Take the 35-year-old who is paying $300 a year for trauma insurance. Let's say he's diagnosed with cancer. He has a life insurance policy but it's not going to pay out anything unless it's terminal cancer. He's got TPD insurance but it's not going to pay out anything unless the cancer is going to result in a total and permanent disability. He's got income-protection insurance but that's only going to pay out, after a waiting period, once proof has been provided that the cancer is preventing him from earning an income.

With trauma insurance, there are no ifs or buts. Once the diagnosis is made, he qualifies for a lump sum of $120,000. That's not going to set him up for life by any means, but it will allow him to cover medical expenses and pay the mortgage if he needs to, or chooses to, stop working for a while to concentrate on getting well.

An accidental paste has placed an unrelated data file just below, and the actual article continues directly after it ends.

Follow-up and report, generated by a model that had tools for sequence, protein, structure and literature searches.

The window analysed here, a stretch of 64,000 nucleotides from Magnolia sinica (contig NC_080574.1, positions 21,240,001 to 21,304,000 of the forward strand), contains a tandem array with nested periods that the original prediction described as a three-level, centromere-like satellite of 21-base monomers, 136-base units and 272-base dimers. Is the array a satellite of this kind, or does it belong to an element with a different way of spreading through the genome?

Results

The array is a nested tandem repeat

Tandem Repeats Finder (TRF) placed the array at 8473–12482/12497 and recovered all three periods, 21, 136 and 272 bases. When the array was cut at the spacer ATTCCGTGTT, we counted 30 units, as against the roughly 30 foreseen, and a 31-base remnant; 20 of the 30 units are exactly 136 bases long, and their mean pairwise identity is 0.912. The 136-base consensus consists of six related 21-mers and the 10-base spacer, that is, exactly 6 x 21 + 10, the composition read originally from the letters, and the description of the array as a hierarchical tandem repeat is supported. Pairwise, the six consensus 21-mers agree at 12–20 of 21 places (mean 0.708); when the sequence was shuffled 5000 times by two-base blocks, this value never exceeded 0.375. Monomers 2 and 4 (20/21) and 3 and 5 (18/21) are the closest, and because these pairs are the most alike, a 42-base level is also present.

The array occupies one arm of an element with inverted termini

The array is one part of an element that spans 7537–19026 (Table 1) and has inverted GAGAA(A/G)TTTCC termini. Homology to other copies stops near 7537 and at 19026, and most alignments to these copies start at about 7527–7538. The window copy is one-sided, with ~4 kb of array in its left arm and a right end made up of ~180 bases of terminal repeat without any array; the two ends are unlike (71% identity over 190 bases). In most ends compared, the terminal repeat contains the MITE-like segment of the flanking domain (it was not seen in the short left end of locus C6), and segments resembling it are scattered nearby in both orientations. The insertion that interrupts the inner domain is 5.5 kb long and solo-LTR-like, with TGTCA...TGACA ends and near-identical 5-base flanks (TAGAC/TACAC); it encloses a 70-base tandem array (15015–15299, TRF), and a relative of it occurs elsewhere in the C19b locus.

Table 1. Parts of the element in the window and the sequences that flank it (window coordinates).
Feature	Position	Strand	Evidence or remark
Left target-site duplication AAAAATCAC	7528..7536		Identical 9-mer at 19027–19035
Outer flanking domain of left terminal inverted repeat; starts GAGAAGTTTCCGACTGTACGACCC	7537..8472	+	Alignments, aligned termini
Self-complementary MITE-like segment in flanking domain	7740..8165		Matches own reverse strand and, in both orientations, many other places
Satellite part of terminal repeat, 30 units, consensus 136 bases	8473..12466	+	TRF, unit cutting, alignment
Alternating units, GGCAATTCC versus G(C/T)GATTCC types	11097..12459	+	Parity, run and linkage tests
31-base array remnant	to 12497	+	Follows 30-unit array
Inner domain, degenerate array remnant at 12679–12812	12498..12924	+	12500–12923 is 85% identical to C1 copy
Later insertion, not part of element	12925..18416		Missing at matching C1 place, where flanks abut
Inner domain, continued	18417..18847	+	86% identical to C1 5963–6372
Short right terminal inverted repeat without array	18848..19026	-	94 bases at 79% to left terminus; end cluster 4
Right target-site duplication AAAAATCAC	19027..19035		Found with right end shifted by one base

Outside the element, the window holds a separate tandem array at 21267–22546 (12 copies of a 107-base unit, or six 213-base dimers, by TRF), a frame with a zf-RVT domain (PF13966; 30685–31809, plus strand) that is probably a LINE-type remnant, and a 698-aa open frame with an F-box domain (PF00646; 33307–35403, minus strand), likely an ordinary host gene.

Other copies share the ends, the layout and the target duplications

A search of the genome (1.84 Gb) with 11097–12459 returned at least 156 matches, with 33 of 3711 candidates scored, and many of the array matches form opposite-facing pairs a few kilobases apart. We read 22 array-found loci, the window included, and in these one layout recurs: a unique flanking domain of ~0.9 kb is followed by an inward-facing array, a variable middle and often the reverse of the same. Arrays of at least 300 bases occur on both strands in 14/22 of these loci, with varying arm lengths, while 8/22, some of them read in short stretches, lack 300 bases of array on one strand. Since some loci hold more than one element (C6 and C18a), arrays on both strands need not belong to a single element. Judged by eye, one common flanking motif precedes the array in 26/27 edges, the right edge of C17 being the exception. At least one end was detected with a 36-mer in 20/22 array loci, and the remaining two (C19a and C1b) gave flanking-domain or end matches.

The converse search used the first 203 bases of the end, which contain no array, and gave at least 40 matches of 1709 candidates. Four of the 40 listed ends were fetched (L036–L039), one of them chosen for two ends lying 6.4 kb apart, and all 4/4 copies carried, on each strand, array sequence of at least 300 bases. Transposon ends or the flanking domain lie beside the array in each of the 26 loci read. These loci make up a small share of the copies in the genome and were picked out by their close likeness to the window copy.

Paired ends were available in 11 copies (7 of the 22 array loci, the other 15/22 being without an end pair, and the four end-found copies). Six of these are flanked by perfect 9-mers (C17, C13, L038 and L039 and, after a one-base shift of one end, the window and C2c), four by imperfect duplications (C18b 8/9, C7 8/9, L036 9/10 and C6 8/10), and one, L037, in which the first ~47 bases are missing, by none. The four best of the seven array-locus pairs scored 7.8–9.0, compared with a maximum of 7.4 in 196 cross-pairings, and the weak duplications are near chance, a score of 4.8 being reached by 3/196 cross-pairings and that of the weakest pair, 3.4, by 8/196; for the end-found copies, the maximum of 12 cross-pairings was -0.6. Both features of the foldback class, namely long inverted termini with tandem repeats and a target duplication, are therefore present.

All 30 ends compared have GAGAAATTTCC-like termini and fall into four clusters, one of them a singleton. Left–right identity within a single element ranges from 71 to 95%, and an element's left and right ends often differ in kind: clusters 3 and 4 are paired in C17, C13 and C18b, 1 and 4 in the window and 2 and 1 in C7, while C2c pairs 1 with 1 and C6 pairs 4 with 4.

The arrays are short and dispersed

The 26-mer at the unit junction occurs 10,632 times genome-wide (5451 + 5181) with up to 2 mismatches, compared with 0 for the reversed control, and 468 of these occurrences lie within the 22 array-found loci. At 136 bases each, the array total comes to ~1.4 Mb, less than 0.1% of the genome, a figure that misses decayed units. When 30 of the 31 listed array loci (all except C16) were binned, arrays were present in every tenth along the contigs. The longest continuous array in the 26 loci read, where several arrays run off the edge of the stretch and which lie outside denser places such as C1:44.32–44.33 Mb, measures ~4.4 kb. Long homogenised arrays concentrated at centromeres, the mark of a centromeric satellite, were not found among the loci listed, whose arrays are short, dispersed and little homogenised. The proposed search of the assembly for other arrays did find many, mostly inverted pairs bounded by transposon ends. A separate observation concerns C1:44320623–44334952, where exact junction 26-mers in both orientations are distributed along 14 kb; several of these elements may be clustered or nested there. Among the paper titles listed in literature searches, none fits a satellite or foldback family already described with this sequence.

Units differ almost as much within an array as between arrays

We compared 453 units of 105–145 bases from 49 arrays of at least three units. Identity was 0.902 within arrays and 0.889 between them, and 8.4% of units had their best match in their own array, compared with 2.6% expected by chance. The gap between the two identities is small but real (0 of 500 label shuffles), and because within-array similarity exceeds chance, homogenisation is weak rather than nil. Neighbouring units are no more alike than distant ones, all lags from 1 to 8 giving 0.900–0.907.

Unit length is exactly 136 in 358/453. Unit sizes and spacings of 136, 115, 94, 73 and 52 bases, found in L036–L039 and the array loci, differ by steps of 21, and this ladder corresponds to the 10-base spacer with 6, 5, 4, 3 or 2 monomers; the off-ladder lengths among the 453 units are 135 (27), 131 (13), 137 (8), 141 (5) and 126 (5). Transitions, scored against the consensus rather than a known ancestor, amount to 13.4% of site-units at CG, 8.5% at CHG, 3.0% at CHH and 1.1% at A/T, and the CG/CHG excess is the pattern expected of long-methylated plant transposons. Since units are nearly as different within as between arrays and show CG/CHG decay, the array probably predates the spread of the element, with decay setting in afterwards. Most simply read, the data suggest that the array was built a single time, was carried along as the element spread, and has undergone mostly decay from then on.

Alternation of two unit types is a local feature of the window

If, like our hypothetical 35-year-old, you have financial responsibilities and want the reassurance of a payout if you suffer an insurable health-related setback then trauma insurance may be for you.

Avoiding being under or over insured is no simple task. If you'd like us to help you work out your insurance needs, give us a call.

i Industry Stats 2013, the risk store 2014, http://www.theriskstore.com.au/resources/16/TRS_Claims_Stats_2013.pdf

ii What's the cost of trauma insurance, finder.com.au 2017, https://www.finder.com.au/cost-of-trauma-insurance

Escape the winter blues without breaking the bank!

Have you been feeling a bit sluggish as the winter weather sets in? Are you craving richer meals, sleeping in a bit more, and generally feeling a bit flat?

There could be a scientific explanation. Seasonal Affective Disorder (SAD), otherwise known as the winter blues, is a real condition. It's more common than you might think in this country as it's estimated that up to 54% have some of the symptoms.i

Even if you're not afflicted by SAD, it's pretty common at this time of year to feel a bit lacklustre as the days get shorter and the drizzle sets in. One thing guaranteed to put a spring in your step is the idea of escaping the cold weather and heading on holiday somewhere for days of endless blue sky and balmy warm nights.